LibreOffice is officially available in the Mac App Store for the first time ever. After years of manual installs and updates the open source office suite can now be downloaded by Apple users with the perks of automatic updates, long-term maintenance, and support options. Known as LibreOffice Vanilla, the release of the free download in the Mac App Store is a huge achievement by the Collabora community. However, a customized Collabora version can be purchased for $10 (LibreOffice-from-Collabora).


“The difference between LibreOffice Vanilla and upstream LibreOffice is the addition of a small and easy to dismiss nag dialogue that encourages people to support the Document Foundation (since they miss the download page that does this) and also tells people about LibreOffice from Collabora,” said Michael Meeks, VP of Productivity in a conversation with IT World. Meeks is basically saying that LibreOffice Vanilla and LibreOffice-from-Collabora are identical except that the latter costs money and comes with three years of support while Vanilla doesn’t come with the same welcome screen.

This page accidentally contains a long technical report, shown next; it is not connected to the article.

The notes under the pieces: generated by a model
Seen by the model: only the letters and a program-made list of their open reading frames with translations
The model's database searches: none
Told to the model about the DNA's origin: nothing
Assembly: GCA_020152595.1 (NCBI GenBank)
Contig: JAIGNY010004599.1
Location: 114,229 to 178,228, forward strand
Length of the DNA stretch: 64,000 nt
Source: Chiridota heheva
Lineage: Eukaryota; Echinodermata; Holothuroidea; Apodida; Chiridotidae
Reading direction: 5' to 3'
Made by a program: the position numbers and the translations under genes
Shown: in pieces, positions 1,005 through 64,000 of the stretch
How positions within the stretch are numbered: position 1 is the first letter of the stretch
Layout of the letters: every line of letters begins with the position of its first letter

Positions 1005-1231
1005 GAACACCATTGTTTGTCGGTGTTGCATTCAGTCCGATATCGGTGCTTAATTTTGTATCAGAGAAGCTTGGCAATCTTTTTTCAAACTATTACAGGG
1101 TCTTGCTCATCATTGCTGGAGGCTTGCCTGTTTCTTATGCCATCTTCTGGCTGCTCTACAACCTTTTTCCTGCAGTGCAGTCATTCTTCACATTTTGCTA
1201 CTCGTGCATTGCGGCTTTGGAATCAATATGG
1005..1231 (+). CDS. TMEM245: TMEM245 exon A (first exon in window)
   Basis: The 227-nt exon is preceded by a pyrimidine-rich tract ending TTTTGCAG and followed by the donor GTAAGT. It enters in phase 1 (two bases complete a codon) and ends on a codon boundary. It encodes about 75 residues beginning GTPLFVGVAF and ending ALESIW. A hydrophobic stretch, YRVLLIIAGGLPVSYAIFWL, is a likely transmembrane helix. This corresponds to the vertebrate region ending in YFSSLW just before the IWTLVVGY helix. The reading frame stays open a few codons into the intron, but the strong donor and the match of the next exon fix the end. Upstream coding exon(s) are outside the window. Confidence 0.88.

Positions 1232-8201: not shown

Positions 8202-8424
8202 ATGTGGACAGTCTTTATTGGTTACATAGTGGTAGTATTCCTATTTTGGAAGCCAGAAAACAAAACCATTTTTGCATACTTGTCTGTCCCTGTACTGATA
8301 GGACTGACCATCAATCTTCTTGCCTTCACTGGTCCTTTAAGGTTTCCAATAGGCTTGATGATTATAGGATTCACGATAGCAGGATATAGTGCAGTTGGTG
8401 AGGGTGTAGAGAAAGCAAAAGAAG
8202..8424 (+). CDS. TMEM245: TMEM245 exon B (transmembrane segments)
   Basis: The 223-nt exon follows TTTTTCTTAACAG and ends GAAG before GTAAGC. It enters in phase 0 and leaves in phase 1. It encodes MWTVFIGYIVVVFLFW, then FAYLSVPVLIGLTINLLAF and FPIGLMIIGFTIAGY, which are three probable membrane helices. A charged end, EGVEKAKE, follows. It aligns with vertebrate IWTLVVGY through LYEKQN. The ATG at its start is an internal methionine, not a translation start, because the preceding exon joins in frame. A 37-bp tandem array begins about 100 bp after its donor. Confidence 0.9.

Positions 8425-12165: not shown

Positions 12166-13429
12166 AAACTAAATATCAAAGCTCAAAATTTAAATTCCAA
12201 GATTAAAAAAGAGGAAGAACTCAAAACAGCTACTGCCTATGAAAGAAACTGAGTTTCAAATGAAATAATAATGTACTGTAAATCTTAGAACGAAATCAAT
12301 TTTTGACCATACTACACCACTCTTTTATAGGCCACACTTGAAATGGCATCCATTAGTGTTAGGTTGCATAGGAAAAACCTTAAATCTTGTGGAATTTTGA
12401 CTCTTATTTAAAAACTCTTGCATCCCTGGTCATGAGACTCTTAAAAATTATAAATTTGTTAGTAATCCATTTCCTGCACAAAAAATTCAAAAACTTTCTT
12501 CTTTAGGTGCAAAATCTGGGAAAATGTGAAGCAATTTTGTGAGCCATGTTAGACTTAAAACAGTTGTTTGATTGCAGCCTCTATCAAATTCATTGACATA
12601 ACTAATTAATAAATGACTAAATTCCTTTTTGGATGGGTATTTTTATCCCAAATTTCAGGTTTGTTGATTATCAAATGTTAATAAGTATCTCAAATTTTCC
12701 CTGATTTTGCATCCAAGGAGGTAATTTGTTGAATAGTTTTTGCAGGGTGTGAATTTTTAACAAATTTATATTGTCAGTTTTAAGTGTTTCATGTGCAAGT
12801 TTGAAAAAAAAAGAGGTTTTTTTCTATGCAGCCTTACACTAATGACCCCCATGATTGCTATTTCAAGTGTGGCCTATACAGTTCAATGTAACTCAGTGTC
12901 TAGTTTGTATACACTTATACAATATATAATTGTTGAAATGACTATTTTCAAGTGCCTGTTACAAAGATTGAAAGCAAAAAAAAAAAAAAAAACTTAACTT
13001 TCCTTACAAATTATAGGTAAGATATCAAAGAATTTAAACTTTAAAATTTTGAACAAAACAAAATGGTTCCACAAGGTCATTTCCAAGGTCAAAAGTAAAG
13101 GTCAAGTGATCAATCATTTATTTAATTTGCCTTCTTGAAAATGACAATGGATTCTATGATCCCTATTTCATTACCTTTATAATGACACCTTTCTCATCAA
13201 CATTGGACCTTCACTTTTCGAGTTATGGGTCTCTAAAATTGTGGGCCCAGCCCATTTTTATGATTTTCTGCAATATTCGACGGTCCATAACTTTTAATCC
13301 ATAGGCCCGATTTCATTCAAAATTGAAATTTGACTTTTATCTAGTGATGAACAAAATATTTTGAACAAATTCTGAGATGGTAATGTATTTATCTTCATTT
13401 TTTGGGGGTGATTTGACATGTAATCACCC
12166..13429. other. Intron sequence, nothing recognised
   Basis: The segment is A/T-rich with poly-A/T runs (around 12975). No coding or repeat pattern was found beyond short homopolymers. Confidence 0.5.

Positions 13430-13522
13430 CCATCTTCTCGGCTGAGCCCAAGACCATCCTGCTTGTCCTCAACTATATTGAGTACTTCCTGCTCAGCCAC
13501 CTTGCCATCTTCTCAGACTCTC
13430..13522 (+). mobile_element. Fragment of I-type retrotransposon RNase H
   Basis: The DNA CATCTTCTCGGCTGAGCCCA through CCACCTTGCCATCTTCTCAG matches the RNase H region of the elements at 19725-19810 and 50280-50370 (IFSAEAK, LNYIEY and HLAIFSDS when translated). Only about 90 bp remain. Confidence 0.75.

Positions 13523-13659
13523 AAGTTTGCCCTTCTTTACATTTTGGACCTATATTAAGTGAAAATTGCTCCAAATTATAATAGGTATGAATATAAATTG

The open-source software has also been made available as a document viewer for Android with alpha editing options. Although exciting, the fact that the office suite made it past the Apple thought police overshadows everything else. Getting into the Mac App Store took an insane amount of hard work like sandboxing, changing the behavior of the software to obey rules about read-write access to files within packages, code-signing, and dealing with changes in Apple’s rules throughout the entire process.

Collabora’s LibreOffice already supported a wide-range of third-party apps for Mac OS X (Windows and Linux) before their App Store debut but it is important to note that this doesn’t take away from Collabora’s achievement. Now that LibreOffice has made it into the App Store, Collabora fans will eagerly be awaiting the release of LibreOffice 5.0 in July.

What do you think will happen now that open-source software like LibreOffice has broken into the Mac App Store? Will other organizations think its worth the effort and follow suite or will it all just blow over?